Risk reduction vs. concrete security
Certifications can help an organization point the way to reducing risk in a very formal structured way. It can also create a false sense of security for the people evaluating protections and for decision makers who want assurances their environment is safe (as certifications become more and more a go/no go decision criterium within purchasing processes). A good, effective security model can clearly be build without a ISO 27001 certification, as here a lot of formal aspects / processes need to be considered. A ISO 27001 certification doesn’t say whether you have an effective security model in place.
A get-out-of-jail card
In many organizations, you can save your job by ensuring you only buy software that is fully certified. That’s your get-out-of-jail card.
Establishing a little bit more security
But if your goal is to really protect your company, reliance on certifications isn’t enough. Doing security right means understanding the technology and how to detect a potential threat coming from the software. You must elaborate and elevate monitoring to generate SIEM use cases that indicate anomalies and trigger your monitoring approach.
It’s essential to strengthen monitoring from varied angles:
· System behavior via EDR (Endpoint Detection and Response) tooling
· Classical antivirus
· Monitoring outbound DNS traffic
· Monitoring inbound http traffic (inbound e.g. extended with sandboxing approaches)
· Monitoring outbound http traffic (e.g. ransomware data exfiltration detection via statistical analysis such as “more than normal traffic to one target or from a dedicated user”, if you have a good understanding of all your internet breakouts and traffic patterns.)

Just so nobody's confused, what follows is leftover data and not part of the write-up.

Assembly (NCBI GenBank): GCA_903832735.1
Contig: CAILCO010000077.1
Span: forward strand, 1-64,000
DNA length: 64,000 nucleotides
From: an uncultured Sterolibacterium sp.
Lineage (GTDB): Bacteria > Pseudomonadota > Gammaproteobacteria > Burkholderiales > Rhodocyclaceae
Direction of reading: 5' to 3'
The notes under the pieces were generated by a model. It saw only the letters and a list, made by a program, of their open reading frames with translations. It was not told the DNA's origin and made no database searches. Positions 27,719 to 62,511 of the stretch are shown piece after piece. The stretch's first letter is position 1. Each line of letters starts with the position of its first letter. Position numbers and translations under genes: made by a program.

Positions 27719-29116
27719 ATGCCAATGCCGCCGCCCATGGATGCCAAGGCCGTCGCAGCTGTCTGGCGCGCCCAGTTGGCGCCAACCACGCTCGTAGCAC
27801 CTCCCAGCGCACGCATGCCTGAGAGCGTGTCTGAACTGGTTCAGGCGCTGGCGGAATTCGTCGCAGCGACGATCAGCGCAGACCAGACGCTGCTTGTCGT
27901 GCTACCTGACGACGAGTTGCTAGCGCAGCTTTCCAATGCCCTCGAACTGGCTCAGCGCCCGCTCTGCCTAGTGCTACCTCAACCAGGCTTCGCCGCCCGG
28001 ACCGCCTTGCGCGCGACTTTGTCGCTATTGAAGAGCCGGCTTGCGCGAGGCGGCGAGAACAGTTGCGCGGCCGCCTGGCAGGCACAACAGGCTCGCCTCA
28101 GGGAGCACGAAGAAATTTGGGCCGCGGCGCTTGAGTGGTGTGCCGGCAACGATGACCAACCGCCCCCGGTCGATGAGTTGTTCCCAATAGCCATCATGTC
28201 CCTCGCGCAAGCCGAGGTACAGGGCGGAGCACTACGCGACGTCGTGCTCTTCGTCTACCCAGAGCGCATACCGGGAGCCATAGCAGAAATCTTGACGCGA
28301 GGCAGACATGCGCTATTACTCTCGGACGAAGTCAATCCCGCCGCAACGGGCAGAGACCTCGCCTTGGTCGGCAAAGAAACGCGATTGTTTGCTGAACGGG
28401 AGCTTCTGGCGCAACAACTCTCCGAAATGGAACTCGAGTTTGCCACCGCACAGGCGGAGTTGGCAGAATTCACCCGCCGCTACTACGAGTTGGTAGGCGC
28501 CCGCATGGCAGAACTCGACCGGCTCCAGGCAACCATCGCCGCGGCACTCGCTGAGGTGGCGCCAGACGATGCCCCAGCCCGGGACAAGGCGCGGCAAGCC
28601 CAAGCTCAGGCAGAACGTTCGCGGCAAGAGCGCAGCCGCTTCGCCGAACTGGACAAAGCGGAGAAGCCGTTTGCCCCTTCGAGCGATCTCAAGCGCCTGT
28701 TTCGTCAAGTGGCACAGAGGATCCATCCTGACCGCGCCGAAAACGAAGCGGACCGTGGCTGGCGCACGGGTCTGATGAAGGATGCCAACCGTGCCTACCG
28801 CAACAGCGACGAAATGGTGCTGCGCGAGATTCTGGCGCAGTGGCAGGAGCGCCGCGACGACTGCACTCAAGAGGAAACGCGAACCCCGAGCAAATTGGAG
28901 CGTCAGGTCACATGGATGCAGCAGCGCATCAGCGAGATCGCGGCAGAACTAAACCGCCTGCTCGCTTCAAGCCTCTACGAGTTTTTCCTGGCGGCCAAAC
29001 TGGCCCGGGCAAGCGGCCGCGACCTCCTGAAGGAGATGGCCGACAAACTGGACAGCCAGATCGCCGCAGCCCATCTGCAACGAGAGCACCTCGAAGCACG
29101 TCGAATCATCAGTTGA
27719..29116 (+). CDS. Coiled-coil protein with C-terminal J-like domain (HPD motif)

· Monitoring email traffic (e.g. extended with sandboxing approaches)
· Monitoring account usage / usage patterns (e.g., impossible travel scenarios, suspicious login times out the normal and such)
There are best-of-breed tools for all these purposes.
Some examples: Most SIEM vendors offer Artificial Intelligence / Machine Learning packages to detect anomalies. It helps also to have an effective sandbox solution you can plug into your email solution or web proxy solution. Sandboxing is not the solution for everything, but a good system will detect the majority of malicious software.
To be able to think on this kind of defenses, you must really understand technology. To be very clear, monitoring itself is not also enough, you must have playbooks, incidents plans and such available and test these in intervals. Otherwise, the best monitoring setup is ruined by not working incident response routines. Red teaming (“pentesting during operations without pre-warning”) is an additional helpful module here, replacing or at least amending classical penetration test procedures. It also can help to optimize your security monitoring setup, which overall helps to increase the security of your company. Because one thing is clear, monitor or be doomed !
Markus Schmall started his security work in 1987, developing his first AV solution on the AMIGA platform (“Virusworkshop”) and continued this path. He received his PhD in 2003 from the University of Hamburg under the supervision of Prof. Dr. Klaus Brunnstein (“Classification and identification of malicious code based on heuristic techniques utilizing Meta languages“). He was a founding member of the Deutsche Telekom early warning/ honeypot activities and held various management positions in the security area. Currently Markus is working as CISO for Covestro.